Republican rhetoric, communist hoax and voter psychology; Geraldine Satre Buisson, a PhD student on the Science and Solutions for a Changing Planet Doctoral Training Partnership at Imperial College London, looks across the pond at the United States’ attitudes towards climate change.
We’ve all seen the tweets. Donald Trump thinks that climate change is a hoax created by China. It is often cited by those who are concerned with his administration’s position on climate change, but do Trump supporters really adhere to these views, and, crucially, how might their political persuasions lead them to ignore the overwhelming scientific evidence for climate change?
The people who seem concerned may be justified: Trump’s campaign promises include the withdrawal from the Paris Agreement, the elimination of the Obama Administration’s Clean Power Plan (which, among other things, included steps to phase-out coal power plants) and the development of infrastructure for shale oil and gas. His first weeks in office have not provided much reassurance: his administration imposed a temporary media blackout to the Environmental Protection Agency (EPA) and nominated a man who once described himself as a “leading advocate against the EPA’s activist agenda,” to head said EPA, amid rumours that the agency could be abolished altogether.
There was a time when Conservatism and conservation went hand in hand fairly well. The National Park Service was created under Republican President Woodrow Wilson in 1916 (it today ensures the protection of over 1.2 million km2 of land – the largest such area in the world). The EPA was created under President Nixon in 1970, who, in his own words made “an exception to one of [his] own principles. That, as a matter of effective and orderly administration, additional new independent agencies normally should not be created,” because there were simply no better options.
A widening rift
So, when did that change? A study conducted at Oklahoma State University shows that the environment has become an increasingly partisan issue since the 1980s (see this article summarising some of the key findings). The annual percentage of pro-environment votes cast by Republican representatives in the past thirty years has drastically declined (from about 35% in 1980 to below 5% in 2015), just as pro-environment votes by Democrats have increased (from about 55% in 1980 to 90% in 2015, see Figure 1).
These differences in voting patterns in Congress reflect a widening gap in public opinion on environmental issues, and especially on climate change. In 2001, 53% of Republicans believed that the changes in the Earth’s temperature over the twentieth century were due to human activities, against 70% of Democrats. That difference more than doubled in the following 15 years, with Republican belief in man-made climate change dropping to 43% in 2016, while Democrats’ increased to 84% (see Figure 2).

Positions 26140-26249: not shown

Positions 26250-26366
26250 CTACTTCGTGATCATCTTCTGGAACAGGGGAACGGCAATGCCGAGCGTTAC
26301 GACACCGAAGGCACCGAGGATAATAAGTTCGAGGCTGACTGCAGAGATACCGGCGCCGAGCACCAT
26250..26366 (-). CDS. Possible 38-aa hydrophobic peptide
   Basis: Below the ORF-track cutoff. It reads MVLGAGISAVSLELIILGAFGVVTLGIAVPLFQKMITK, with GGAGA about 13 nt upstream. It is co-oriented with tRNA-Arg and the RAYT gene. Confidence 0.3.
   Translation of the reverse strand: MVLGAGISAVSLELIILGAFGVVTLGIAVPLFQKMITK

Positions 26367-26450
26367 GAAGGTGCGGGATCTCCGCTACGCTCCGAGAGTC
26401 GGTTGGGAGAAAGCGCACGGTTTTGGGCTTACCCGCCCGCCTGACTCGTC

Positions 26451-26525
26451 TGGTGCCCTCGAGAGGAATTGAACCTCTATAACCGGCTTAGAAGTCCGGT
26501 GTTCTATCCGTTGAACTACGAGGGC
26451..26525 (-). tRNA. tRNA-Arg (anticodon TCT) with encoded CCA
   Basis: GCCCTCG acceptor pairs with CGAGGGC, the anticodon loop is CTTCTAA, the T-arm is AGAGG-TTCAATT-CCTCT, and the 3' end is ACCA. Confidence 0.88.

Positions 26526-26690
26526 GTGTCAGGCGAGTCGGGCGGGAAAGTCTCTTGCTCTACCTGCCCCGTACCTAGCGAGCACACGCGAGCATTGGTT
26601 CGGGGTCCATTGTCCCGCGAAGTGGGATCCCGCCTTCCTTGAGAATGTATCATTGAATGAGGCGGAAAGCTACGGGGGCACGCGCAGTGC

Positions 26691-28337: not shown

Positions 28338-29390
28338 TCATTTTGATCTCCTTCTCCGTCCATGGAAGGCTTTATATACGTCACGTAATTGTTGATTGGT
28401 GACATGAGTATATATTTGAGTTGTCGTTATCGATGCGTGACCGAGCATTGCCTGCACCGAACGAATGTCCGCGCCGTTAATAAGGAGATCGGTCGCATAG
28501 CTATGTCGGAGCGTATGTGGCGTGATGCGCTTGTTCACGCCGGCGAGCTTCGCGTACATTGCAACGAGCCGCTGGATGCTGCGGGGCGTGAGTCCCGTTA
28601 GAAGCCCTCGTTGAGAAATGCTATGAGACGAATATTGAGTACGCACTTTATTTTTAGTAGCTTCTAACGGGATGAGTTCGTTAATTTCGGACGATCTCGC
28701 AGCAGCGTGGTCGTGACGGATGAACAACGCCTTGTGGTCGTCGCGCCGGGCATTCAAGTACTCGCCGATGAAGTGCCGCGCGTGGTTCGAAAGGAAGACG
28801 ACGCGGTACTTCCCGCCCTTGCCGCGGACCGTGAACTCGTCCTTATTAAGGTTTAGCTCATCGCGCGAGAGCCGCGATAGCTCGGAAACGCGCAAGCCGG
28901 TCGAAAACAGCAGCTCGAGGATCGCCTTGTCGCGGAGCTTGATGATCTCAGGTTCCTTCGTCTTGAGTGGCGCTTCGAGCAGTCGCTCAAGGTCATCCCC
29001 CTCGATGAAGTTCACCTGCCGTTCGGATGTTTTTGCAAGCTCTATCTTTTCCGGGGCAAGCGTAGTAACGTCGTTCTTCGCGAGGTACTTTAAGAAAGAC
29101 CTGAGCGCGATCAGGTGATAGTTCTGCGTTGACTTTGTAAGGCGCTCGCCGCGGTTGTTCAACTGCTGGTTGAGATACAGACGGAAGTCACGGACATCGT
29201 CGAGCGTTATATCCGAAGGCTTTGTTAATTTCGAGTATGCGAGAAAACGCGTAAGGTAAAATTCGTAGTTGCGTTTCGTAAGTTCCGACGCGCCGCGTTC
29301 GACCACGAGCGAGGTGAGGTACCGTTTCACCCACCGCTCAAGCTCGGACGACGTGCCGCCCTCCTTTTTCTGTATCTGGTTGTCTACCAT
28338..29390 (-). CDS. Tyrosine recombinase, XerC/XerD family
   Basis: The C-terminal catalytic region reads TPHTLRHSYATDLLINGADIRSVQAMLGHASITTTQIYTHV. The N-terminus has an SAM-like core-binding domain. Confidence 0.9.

When politics influence reasoning
Refuting climate change might seem, therefore, to be becoming a core element of Republican identity. One reason for this may lie in what Dan Kahan, Professor of Psychology leading the Cultural Cognition Project at Yale, calls “politically motivated reasoning”. He compared, over the course of several studies, people’s numeracy and ability to understand scientific studies. Participants were first asked to answer generic math questions, and then quantitative questions related to studies on “neutral” topics (like skin rashes) and controversial topics (like gun violence). The expectation was that people who answered more accurately at generic math questions would be better equipped to understand scientific evidence on controversial topics, regardless of whether the evidence supported their political opinions.
He found instead that people who had scored better at the math questions were more likely to answer wrong when asked questions concerning topics that did not agree with their political beliefs than people who had scored worse at the generic math test. His conclusion was that individuals appear to apply rational thinking to serve their existing beliefs.
Thus, it is not necessarily the case that people deny the existence of climate change because they do not understand the science that supports it. Rather, if they associate the issue with political views they oppose, then being exposed to more evidence will only reinforce their rejection of it. This kind of phenomenon is particularly true of two-party systems where the “with us or against us” mentality is most prominent (George Washington is famously cited as an opponent of the party system because he feared such partisan entrenchment would happen).
But, a recent Yale survey seems to temper this rather gloomy vision of an ever-deepening political entrenchment. The Yale Program on Climate Change Communication has been monitoring US citizens’ opinions on climate change since 2004. Following the election, it found that about half of Trump voters (49%) “think global warming is happening,” while fewer than one in three (30%) “think global warming is not happening.”
So, when President Trump says that “nobody really knows if climate change is real”, what he should actually be saying, is: “most people including half of those who voted for me, know it is real, but it’s not in my economic and political interest to do anything about it”.